This week take a look into how the semantic web will evolve design capabilities in the future. Meanwhile, Justin Gilbreath reports on RDF, OWL, SPARQL and the many other technologies which have made the semantic web a technically viable and lastly, Mark Ballard and Mukul Pal talk business, innovation and the semantic web.
Each week we bring you the most thought-provoking news on how the semantic web is changing the way web users discover, interact and exchange online.
We hope you find the links useful, and if you’d like us to cover any particular aspect of the semantic web in the comments box below.
Is This Finally the Era of Wysiwyg Web Design? – PC Pro
Tom Arah investigates whether the dream of design-rich, code-free web authoring is finally coming true
The Creative Leverage – Business Standard
The conclusion is that the pattern of cycles in markets is as simple as the one on the web. The same predictive tools that can predict up and down in stock market cycles, connect Superbowl wins and 2012 stock market forecasts can also be used to create a semantic web. Capital markets or non-capital markets, just like creativity, cycles overlap and in the end, we are all snowflake.
What Happened to the Semantic Web, and What is Possible Until it Arrives? – PR Web
One could say that in some ways, we are closer than ever before. Tools and standards have been developed like RDF, OWL, SPARQL, and many more which enable the possibility of its implementation. Only the few and brave have actually gone down this road. The problems are that the technology is still only mastered by a few. Indeed’s job trend analysis looks rather grim for this changing any time soon. Maybe engineers and programmers have a different take, but consider this question on stackoverflow “Is semantic web a dead on arrival project?” where these experts go to get answers. The major nail in the coffin though is that most content creators do not see the benefits of adding the extra effort to make their content machine readable. If that was not enough, consider what Richard Padley of Semantico discusses in his article (Triple bypass – What does the death of the semantic web mean for publishers?) about Yahoo, Google, and Microsoft announcing schema.org essentially providing a way for them to use content by some simple standards for labelling in HTML5 leaving the semantic web out in the cold.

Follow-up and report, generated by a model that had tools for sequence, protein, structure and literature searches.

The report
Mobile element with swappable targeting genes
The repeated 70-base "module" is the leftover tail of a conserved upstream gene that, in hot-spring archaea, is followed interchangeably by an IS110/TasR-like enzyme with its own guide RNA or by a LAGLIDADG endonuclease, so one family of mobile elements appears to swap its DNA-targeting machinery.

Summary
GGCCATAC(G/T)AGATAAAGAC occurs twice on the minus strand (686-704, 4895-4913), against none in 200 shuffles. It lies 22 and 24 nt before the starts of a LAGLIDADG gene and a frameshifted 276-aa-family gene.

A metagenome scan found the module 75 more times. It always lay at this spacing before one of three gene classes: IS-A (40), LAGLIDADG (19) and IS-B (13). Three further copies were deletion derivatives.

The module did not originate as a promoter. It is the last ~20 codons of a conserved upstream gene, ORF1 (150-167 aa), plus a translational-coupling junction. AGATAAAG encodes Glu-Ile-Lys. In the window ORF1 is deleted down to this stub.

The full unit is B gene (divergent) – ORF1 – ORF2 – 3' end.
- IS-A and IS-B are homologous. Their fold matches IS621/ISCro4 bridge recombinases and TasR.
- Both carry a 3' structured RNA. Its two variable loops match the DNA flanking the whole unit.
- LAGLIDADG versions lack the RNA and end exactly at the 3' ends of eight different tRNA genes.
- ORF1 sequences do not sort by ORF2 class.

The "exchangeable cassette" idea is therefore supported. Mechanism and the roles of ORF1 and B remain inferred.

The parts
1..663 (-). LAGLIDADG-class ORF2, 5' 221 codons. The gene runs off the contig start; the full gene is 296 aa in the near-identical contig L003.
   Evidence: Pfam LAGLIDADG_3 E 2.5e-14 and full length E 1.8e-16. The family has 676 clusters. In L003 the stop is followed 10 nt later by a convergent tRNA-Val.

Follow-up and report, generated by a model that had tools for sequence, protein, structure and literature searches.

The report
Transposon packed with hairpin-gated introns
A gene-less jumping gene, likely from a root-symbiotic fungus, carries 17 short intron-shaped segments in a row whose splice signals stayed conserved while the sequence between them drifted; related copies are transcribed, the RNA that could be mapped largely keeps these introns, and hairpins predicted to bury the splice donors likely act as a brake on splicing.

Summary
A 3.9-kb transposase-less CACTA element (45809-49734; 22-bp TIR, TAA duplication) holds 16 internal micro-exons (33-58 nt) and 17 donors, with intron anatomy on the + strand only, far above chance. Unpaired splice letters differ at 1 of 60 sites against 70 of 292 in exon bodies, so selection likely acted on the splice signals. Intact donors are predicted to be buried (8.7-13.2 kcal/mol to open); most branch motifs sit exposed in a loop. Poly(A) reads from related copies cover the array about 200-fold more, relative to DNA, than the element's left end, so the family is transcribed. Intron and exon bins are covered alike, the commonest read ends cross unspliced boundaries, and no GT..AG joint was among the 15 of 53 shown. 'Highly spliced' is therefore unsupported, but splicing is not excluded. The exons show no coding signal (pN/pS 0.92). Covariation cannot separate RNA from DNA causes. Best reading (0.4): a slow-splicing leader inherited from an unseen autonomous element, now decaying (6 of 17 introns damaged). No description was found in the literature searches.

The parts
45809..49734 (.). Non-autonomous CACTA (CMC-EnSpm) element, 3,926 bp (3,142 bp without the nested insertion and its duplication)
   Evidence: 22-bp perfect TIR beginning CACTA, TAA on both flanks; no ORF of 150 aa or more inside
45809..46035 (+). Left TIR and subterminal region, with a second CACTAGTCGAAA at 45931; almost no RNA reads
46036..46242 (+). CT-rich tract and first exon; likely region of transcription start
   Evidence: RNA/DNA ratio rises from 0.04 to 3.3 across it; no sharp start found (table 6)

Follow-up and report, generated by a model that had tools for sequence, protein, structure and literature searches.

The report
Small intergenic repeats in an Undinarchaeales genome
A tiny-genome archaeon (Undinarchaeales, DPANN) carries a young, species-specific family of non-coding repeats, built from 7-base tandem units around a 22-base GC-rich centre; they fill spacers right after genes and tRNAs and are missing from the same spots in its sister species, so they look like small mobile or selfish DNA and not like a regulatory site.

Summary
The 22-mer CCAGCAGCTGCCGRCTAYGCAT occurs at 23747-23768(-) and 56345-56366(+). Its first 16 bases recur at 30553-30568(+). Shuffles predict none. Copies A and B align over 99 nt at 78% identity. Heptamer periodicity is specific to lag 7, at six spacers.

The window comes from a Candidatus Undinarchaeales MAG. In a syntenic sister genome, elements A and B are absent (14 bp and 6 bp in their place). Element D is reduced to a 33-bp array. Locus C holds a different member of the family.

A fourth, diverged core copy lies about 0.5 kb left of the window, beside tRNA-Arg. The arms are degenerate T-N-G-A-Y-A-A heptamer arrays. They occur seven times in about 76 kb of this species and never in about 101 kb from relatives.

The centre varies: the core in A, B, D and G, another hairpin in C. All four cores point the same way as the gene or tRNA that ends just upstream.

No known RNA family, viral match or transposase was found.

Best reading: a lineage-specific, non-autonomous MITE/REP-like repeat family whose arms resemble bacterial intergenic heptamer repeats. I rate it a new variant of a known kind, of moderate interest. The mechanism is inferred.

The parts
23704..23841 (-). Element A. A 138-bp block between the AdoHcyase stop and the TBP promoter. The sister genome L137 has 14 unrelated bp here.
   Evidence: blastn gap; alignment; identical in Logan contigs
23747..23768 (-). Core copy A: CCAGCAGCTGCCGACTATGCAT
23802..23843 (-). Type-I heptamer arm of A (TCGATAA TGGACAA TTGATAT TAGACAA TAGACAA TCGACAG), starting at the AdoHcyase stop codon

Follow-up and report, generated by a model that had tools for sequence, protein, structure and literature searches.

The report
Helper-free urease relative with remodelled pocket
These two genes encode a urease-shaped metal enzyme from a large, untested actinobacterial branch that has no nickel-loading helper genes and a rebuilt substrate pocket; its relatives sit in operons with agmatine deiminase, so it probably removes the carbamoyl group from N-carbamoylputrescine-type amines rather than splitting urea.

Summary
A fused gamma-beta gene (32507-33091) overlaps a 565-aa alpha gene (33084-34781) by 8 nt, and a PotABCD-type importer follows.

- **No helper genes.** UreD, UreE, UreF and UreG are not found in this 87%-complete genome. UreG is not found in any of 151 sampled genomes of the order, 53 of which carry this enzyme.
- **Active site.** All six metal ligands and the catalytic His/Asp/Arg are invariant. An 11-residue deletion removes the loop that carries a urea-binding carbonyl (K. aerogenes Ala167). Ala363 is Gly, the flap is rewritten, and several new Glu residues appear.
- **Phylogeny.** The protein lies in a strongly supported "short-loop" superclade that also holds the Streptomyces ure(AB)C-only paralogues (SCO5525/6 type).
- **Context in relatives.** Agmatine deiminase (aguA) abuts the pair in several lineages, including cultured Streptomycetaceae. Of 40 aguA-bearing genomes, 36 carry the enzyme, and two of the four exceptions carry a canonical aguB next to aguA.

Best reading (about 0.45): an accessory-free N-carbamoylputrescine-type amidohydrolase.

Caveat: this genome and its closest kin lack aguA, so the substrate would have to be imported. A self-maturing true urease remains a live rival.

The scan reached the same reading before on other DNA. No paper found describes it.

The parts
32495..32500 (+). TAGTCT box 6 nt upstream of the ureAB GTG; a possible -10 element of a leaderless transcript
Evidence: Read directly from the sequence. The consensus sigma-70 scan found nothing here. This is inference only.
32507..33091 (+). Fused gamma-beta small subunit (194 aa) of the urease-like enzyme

BIS dissolves public data corporation – Computer Weekly
The Department of Business, Innovation and Skills has dissolved the Public Data Corporation while its confused policy Cabinet joint Office initiative team works out how to make open data workable. Cabinet Office rushed out a revamped Open Data strategy on 29 November, "delivering on its commitment to establish a Public Data Corporation". BIS had already established the Public Data Corporation as a private company on 11 November 2010. But the company had laid dormant for a year while the departments and the Local Public Data Panel worked out how to get an HM data-set free-for-all round the vast bellies of such comfortable institutions as the Ordnance Survey, Land Registry and Met Office.